Anyway, Kelly is hosting a daily Advent reflection series on Evangelii Gaudium. She and a bunch of other guest bloggers are writing reflections every day on small parts of the document.
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7 Essential Steps For Converting First Communion Parents


I’m about to embark on a daring endeavor.

I’m starting an education program for parents of First Communion students. The goal is conversion.

In one of my last posts, I wrote about meeting a woman I met at the St. John Bosco Conference that does something very similar. She has seven parent classes every month during the sacramental preparation year.

When she told me about her program, I was in awe…and a bit jealous. I wanted one!
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Tap the Power of Death in Your Evangelization


The toughest thing in evangelization is grabbing attention.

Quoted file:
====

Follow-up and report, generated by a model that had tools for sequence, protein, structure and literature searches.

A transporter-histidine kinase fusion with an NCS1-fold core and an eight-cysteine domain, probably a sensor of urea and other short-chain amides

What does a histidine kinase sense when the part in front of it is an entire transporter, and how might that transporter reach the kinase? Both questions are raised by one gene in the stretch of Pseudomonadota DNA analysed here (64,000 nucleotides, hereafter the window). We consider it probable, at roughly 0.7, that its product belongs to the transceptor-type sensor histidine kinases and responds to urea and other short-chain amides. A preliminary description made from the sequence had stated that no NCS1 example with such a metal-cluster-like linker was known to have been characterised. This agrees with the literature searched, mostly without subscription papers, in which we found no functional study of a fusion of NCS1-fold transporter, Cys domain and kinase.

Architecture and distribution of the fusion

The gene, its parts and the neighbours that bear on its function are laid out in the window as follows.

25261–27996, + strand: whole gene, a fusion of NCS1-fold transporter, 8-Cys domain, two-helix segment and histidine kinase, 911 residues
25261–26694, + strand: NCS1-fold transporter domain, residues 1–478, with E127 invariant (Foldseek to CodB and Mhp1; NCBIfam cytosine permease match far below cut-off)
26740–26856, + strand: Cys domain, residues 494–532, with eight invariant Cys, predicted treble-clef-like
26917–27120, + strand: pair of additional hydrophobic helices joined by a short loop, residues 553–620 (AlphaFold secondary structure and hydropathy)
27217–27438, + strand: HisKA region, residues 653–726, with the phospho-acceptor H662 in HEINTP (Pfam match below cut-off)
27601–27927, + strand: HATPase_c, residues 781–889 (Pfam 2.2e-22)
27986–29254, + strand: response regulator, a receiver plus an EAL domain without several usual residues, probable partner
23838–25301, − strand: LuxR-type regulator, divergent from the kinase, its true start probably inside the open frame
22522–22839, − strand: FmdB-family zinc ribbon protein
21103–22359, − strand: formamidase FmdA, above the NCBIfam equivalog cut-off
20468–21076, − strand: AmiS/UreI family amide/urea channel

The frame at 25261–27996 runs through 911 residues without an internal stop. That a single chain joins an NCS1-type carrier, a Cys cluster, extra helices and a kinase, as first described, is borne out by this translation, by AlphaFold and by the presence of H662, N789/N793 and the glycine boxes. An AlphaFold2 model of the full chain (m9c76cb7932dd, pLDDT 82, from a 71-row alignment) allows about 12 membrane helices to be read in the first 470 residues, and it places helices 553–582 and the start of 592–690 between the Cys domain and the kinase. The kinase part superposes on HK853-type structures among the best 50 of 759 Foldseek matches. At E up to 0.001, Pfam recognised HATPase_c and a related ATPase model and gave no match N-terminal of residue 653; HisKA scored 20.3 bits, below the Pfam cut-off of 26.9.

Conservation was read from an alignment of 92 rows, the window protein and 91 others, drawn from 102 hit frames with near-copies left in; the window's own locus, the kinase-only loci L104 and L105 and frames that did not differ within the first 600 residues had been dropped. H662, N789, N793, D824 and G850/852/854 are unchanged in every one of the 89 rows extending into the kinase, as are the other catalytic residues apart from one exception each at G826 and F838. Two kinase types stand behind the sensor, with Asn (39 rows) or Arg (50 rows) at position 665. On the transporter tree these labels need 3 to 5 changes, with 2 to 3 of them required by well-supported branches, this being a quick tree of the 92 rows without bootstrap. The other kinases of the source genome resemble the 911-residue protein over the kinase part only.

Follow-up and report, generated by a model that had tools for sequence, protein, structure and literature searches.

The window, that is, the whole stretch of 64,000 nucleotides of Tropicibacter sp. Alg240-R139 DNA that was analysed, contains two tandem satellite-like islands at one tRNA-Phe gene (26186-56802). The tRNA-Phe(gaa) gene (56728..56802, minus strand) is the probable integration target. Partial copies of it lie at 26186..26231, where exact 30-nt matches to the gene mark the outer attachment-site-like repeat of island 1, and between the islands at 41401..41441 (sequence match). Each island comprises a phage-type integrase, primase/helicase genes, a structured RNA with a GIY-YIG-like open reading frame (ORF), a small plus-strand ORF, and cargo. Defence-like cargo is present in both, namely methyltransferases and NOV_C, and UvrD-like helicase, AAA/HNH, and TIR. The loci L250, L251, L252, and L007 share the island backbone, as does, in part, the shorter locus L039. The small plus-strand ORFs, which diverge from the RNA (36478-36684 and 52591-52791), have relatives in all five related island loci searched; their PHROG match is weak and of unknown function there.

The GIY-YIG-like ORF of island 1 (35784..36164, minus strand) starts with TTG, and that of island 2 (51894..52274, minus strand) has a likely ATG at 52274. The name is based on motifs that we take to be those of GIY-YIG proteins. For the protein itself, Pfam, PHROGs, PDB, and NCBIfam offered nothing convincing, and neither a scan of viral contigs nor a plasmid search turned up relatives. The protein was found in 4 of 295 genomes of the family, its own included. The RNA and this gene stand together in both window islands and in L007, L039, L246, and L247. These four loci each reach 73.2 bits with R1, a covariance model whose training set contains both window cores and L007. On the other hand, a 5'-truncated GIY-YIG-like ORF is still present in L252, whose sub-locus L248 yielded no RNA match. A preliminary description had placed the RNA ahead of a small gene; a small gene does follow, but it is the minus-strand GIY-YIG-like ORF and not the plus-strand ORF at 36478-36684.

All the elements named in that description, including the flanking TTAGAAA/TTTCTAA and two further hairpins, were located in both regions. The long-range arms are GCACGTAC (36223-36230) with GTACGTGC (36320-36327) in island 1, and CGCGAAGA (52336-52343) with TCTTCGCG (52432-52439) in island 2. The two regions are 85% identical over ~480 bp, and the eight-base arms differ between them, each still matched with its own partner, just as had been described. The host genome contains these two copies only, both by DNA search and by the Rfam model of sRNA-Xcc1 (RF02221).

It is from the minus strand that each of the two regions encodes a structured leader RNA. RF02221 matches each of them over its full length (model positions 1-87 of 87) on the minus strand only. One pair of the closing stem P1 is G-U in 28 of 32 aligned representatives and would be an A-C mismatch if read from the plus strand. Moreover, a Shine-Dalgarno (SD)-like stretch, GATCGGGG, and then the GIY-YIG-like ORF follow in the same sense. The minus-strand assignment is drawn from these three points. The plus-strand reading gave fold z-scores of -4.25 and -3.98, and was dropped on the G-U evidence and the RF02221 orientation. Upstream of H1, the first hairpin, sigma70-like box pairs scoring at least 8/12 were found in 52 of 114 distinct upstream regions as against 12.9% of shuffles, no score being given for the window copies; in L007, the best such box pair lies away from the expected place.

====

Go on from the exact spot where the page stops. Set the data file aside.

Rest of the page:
Time is a precious commodity. Only the urgent gets attention.

If people don’t perceive an immediate need, they blow it off. Unfortunately, that’s often what happens with religion.

Kids, job, household needs, and just surviving…those are immediate needs. It’s not clear how faith impacts life right away so it can go on the back burner and just be forgotten.

So how do you make Catholicism urgent?

Recently, I read some advice to writers that got me thinking about a way.
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The Biggest Mistake in Teaching Doctrine


“But I, brethren, could not address you as spiritual men, but as men of the flesh, as infants in Christ. I fed you with milk, not solid food; for you were not ready for it; and even yet you are not ready, for you are still of the flesh.” 1 Corinthians 3:1-3